(i) has furnished his return of income under section 139;

(ii) has taken into account such sum for computing income in such return of income; and

(iii) has paid the tax due on the income declared by him in such return of income, and the person furnishes a certificate to this effect from an accountant in such form as may be prescribed68:

24.4 From the preceding discussion it is transpired that Payers defaulting in deducting TDS from payments to resident payees need not to be deemed as Assessee in Default in the following conditions:

(A) Payee has included the impugned amount on which tax was not deducted/short deducted by the payer in his return of income filed under section 139 and pays the taxes due on returned income and

(B) Payer produces a certificate in prescribed form from a CA to the effect that the payee has included the income in return and paid taxes thereof.

24.5 The CBDT has prescribed Form No. 26A for CA certificate to be obtained and furnished by payer evidencing compliance by payee.

24.6 From the above discussion, it is transpired that the assessee can be granted immunity from disallowances of expenses on account of non/short deduction of taxes provided that the assessee (payer) furnishes the certificate in the prescribed form. Thus the onus is upon the assessee. However we find that assessee has not furnished the necessary certificate in form 26A prescribed by the CBDT.

24.7 We also find that similar prayer was also made by the assessee before the learned CIT (A) but the same was rejected by him by observing that the assessee has not complied the conditions as specified under the provisions of law i.e. furnishing the certificate of the CA.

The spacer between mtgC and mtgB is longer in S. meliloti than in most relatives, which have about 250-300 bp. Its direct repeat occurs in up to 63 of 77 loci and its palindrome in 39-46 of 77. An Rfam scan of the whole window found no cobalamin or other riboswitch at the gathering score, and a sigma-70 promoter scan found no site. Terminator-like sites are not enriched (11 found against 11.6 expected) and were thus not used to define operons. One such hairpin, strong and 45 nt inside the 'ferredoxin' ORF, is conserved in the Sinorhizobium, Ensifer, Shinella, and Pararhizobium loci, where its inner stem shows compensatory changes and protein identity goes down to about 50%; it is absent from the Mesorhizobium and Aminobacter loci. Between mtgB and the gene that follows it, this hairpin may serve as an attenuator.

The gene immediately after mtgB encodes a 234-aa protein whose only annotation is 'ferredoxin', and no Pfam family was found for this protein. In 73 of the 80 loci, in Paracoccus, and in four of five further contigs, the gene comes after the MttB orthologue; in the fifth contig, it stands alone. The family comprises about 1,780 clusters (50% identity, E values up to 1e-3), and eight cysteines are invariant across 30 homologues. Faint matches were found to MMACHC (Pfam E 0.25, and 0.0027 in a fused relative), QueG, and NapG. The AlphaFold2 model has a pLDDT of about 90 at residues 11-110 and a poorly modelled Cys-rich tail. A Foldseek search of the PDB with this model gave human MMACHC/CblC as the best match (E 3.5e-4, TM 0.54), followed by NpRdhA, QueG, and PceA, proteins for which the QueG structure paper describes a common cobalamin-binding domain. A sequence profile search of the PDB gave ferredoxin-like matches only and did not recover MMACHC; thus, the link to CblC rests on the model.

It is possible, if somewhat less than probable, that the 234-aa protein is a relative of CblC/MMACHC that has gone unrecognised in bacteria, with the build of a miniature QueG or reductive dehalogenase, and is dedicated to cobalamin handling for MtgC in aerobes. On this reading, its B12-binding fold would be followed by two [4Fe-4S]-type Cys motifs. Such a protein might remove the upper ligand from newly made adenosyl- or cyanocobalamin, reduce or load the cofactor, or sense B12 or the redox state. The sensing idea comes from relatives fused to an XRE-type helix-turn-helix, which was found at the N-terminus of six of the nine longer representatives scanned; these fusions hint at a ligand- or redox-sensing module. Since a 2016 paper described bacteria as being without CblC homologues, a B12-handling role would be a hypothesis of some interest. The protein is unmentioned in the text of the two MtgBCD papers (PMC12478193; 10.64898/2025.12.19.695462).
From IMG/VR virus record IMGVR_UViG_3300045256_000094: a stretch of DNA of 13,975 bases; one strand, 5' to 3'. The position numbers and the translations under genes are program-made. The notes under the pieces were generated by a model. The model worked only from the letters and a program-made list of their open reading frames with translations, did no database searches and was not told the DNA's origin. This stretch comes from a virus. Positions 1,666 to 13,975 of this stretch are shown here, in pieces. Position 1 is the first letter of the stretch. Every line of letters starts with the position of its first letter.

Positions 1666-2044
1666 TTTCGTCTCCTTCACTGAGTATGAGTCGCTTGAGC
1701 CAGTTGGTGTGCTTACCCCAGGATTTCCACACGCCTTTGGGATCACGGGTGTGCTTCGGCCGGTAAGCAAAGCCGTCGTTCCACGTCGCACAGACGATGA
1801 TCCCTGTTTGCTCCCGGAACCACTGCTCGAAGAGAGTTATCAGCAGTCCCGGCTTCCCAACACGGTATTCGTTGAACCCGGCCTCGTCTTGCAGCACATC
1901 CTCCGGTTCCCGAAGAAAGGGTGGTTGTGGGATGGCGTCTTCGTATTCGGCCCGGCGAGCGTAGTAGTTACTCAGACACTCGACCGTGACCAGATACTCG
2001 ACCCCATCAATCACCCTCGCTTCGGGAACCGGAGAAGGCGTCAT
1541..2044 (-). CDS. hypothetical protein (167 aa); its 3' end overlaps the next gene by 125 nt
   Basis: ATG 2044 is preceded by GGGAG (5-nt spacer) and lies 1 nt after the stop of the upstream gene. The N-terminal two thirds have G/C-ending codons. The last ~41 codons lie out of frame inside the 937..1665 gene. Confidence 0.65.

24.8 Now at the time of hearing before us, the learned AR has also not furnished any certificate in form 26A prescribed by CBDT. Now the issue arises, can the matter be set aside to the file of the AO for collecting the necessary evidences from the respective payees to ensure that such payees have paid the taxes on the amount received from the assessee?

24.9 In this regard we note that it is the duty of assessee to deduct appropriate tax from the amount paid/payable to any party i.e. payee if such amount falls under the purview of the provision of chapter XVII (B) of the Act i.e. deduction at source. Further the provision of section 40(a)(ia) of the Act provides that if assessee failed to deduct or failed to deduct appropriate tax on amount paid on which it was liable to deduct tax then such amount will not be allowed as business expenses. However the legislator provided relaxation to the assessee by inserting the 2nd proviso to section 40(a)(ia) on account of failure to deduct the tax if it fulfills the condition prescribed under proviso to section 201(1) of the Act i.e. furnishing a certificate from accountant in from 26A. To our understanding the duty cast on the assessee cannot be transferred to revenue. If such burden is transferred to Revenue then the importance of provision of tax deduction at source under the provision of chapter XVII (B) of the Act i.e. deduction at source will be of no relevance. However, in the interest of justice and to avoid the double taxation, we set aside the issue to the file of the AO with the direction to the assessee to submit the CA certificate to the effect that the payees have included the amount received in their income return and offer the same to tax. Hence, the ground of appeal of the assessee is allowed for the statistical purposes.

25. In the result, the appeal of the assessee is partly allowed for the statistical purposes.

Order pronounced in the Court on 17/09/2021 at Ahmedabad.